Out There

Pics from Down Under

Posted in Uncategorized by Pete on March 27, 2014

Wanted to include some pics of the engine and suspension and other stuff underneath.  I have a couple of guys helping me out with advice and I can help them help me by providing pics.  So here we go.  With a bonus shot of my lovely secure 1-car garage!  (which, I’ve heard through the grapevine, may have gotten hooked up to AVEC power today!  Don’t know for sure because I’m writing this from Tununak.  Power would allow me to actually plug in the oil pan heater, battery blanket, etc although lately its been so warm they haven’t been super necessary.  Still.  Power is nice to have.  Lights!  : – )  Note the outlets on either side of the truck and the overhead light receptacle.

conex garage 1

The ultimate triumph of function over form – the CONEX!!  What is not to love?  I hope to have this and the one to the left of it insulated by end of summer.  Might even take down the common wall and make one big garage.

 

ImageImageImageImageImageImageImageImageImageImageImageImageImageImagerImageImage

tn_DSC_0090

 

 

My Ridiculous Ride

Posted in suzuki samurai by Pete on March 26, 2014

tn_DSC_0071  tn_DSC_0072 tn_DSC_0075 tn_DSC_0074tn_DSC_0073

Finally uploading some pics of our little Suzuki Samurai that I barged up last summer from Seattle.  Many more stories to follow, hopefully.

Big Alcohol Spread in Alaska Dispatch

Posted in Uncategorized by Pete on October 4, 2013

Big Alcohol Spread in Alaska Dispatch

Alcohol has really been in the news as both the Anchorage Daily News and the Alaska Dispatch have launched extensive efforts to cover the issue as it pertains to Alaska with a lot of scrutiny.  The ADN in particular is going above and beyond by launching a year-long effort with funding from a few different sources.  They view it as a follow-up to their pulitzer prize-winning series from the 1980s called “A People in Peril” that also dealt with Alcohol in bush Alaska.

Here are the 3 recent articles from Alaska Dispatch.  I can’t say I agree with all of the author’s thinly-veiled opinions, but it is a dialogue that we desperately need to have.  

http://www.alaskadispatch.com/article/20130903/perils-prohibition-alaskas-failed-war-booze

http://www.alaskadispatch.com/article/20130904/perils-prohibition-drowning-past-rural-alaska

http://www.alaskadispatch.com/article/20130905/perils-prohibition-history-repeats-alaskas-failed-attempt-stamp-out-booze

I’ve written extensively on my views on alcohol in our part of the bush in the past and you can easily search the blog to find those posts.  I don’t take much time out to blog these days and don’t have much time now, but the one thing I’d add is that prohibition here IS different from prohibition in Chicago in the 20s and 30s because it was impossible to keep the illicit alcohol out at that time.  But there are no roads to the dry villages.  If Bethel was dry like all the villages around it, the only booze would be homebrew and stuff smuggled in luggage and by mail.  And the price would go way up, which we know prices some key segments of the population out of the drinking pool.  Like the 12 year olds.  This issue is especially relevant right now as yesterday we all got our PFDs from the state of Alaska, $900 for every man, woman, and child, and that $$ is burning a hole in a lot of pockets right now.  The next few days are notorious in Bethel for all kinds of rowdiness and worse that goes down every year.

Tagged with: , , ,

bush groceries

Posted in teaching by Pete on February 8, 2012

I help answer questions over at the ATP Forum, which is a place for prospective teachers in Alaska to ask questions.  A common question people have is about budgeting for food, as they try and get a better idea of what a move to Alaska would mean for them financially.  I’ve put a lot of thought and work into grocery shopping in the past and thought I’d put up some of that on here and tag it as ‘advice’ so it might be helpful to someone doing this kind of research.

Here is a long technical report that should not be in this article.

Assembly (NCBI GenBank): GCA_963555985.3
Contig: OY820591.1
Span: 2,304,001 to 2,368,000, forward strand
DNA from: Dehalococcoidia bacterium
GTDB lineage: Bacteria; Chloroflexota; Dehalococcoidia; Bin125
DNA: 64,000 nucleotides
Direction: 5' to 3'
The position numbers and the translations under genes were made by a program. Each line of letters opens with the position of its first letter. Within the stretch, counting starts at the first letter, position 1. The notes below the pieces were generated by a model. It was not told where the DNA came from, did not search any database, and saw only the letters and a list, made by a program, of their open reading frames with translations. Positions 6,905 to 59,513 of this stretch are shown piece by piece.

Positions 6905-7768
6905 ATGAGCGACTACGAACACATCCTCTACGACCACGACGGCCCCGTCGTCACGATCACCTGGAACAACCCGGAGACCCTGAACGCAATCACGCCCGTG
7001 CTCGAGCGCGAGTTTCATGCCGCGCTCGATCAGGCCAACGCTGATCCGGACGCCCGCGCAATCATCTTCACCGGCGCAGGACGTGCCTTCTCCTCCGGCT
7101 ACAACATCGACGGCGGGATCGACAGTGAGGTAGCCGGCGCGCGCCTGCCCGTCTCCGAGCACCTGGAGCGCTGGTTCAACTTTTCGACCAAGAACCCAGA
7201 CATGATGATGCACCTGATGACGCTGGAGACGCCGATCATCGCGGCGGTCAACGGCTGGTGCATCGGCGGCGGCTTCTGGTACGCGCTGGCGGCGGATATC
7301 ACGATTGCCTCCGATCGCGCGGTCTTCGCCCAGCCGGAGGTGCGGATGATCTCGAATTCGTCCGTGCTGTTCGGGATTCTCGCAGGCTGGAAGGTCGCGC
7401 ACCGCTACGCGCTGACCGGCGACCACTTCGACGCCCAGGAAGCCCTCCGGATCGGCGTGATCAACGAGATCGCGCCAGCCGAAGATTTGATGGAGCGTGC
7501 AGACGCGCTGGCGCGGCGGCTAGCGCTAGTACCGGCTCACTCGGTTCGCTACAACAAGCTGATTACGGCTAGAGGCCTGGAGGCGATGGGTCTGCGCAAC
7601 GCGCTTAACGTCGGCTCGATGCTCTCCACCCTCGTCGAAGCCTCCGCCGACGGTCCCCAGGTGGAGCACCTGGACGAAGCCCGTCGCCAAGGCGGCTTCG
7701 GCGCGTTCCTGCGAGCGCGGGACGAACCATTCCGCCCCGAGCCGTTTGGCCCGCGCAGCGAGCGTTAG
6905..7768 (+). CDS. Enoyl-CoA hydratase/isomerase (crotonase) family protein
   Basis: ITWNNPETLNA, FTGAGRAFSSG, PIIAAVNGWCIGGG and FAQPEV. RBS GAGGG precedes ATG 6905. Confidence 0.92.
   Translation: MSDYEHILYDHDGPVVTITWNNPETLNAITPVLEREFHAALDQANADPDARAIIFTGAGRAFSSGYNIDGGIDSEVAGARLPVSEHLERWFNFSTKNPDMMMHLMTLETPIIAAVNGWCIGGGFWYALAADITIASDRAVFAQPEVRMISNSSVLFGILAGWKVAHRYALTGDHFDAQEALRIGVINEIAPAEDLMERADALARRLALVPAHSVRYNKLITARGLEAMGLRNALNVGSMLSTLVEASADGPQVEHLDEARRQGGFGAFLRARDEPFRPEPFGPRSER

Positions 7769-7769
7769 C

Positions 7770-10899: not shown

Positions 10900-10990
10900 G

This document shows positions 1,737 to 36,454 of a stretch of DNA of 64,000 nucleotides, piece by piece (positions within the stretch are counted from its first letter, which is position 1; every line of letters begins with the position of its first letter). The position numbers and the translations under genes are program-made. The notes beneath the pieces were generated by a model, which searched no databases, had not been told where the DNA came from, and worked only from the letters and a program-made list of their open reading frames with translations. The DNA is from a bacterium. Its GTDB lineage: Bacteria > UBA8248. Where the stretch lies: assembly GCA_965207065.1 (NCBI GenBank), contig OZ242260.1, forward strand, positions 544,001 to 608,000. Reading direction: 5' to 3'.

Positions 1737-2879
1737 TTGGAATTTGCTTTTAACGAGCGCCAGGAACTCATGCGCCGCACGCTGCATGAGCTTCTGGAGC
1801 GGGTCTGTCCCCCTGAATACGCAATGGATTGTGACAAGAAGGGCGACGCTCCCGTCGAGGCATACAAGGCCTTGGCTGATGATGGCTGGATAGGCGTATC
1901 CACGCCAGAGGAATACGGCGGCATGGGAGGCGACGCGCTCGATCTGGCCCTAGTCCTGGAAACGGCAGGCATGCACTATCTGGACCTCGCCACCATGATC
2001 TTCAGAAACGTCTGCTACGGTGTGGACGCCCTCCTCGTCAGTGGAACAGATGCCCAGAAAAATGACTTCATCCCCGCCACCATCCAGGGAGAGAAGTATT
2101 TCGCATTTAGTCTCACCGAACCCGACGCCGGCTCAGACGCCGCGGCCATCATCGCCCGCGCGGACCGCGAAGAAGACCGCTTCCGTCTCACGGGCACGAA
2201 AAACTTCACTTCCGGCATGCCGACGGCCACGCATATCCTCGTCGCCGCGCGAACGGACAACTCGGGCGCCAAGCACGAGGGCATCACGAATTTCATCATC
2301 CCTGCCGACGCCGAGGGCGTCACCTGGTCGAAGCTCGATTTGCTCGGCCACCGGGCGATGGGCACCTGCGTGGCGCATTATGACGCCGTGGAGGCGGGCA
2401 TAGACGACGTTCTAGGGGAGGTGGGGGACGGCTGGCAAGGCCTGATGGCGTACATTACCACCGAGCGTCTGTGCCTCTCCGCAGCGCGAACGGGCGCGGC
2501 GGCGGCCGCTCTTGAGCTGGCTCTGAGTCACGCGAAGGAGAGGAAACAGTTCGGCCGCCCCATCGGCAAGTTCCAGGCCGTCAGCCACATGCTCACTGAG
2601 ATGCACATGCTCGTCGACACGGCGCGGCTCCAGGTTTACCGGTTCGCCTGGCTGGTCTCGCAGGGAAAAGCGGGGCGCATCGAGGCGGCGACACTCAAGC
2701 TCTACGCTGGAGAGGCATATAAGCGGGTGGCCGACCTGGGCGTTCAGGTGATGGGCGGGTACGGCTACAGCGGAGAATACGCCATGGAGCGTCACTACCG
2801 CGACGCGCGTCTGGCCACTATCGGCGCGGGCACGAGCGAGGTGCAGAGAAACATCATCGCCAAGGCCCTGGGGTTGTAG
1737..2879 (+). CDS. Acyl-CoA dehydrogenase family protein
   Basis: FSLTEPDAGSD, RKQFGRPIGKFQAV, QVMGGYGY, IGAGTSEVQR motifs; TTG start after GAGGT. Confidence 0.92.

If you choose to shop in a major hub like Bethel, Kotzebue, Dillingham, Nome, Barrow, etc you will probably have a couple of stores to choose from, and they may not look very different from a smallish lower-48 grocery store except for the prices.  Here is a youtube video someone made of a recent trip to the AC store in Bethel.  And here is a link to the weekly specials for Swanson’s grocery store that appear in the Delta Discovery newspaper. These give you a small idea of pricing.  Of course if you live in an outlying village as we do then you need to pay another fee to have the boxed groceries delivered to an air carrier and sent to your village (our village is only a 15 minute flight and the fee is about $.50 per pound), or have a friend pick up the box for you.  Both AC and Swansons will shop your list for you and box it for no extra fee if you fax or call them with what you want, and pay by credit card over the phone.  They are both based out of state.  I believe Swanson’s is owned by Omni Enterprises out of WA state, and AC (Alaska Commercial company, which has quite a colorful history in the state dating back to the Russian days when they had a monopoly on the Pribolof seal harvest – try google) is now based in Canada.

Of course you can also shop in your village itself, which helps the local economy.  Village stores vary widely in quality and selection, based on factors like distance and number of flights from Anchorage, and management.  I’ve seen villages with three stores, while others have none.  Most common is one or two stores.  Some village stores have surprisingly good quality of dairy and produce, while others have only a few half-rotten choices.  But usually there is not a lot of variety, and things run out of stock on a regular basis, as in “there are no eggs today.”  It can be difficult or impossible to get a lot of dairy items like milk, cream, whipping cream, cheeses, ice cream, etc.  Some village stores (esp in larger villages) have these things, but most do not.  Same goes for veggies.  Our store in Kasigluk most often has root vegetables such as potatoes, carrots, or onions, but also tomatoes and cabbage  and apples are fairly common, though the quality might be understandably below what you’re used to “outside.”

Our local store pricing is actually not very different from the prices in Bethel.  This is because the cost to mail goods from Anchorage to Bethel is the same as mailing from Anchorage to Kasigluk.  The main difference is in the variety and availability of what you might be looking for.  As for cost, it is expensive, no doubt about it, although if you have a line of credit with the store and pay it off in full every month you enjoy a 10% discount on everything.  But the price is still high, particularly for items that cannot be mailed such as bleach.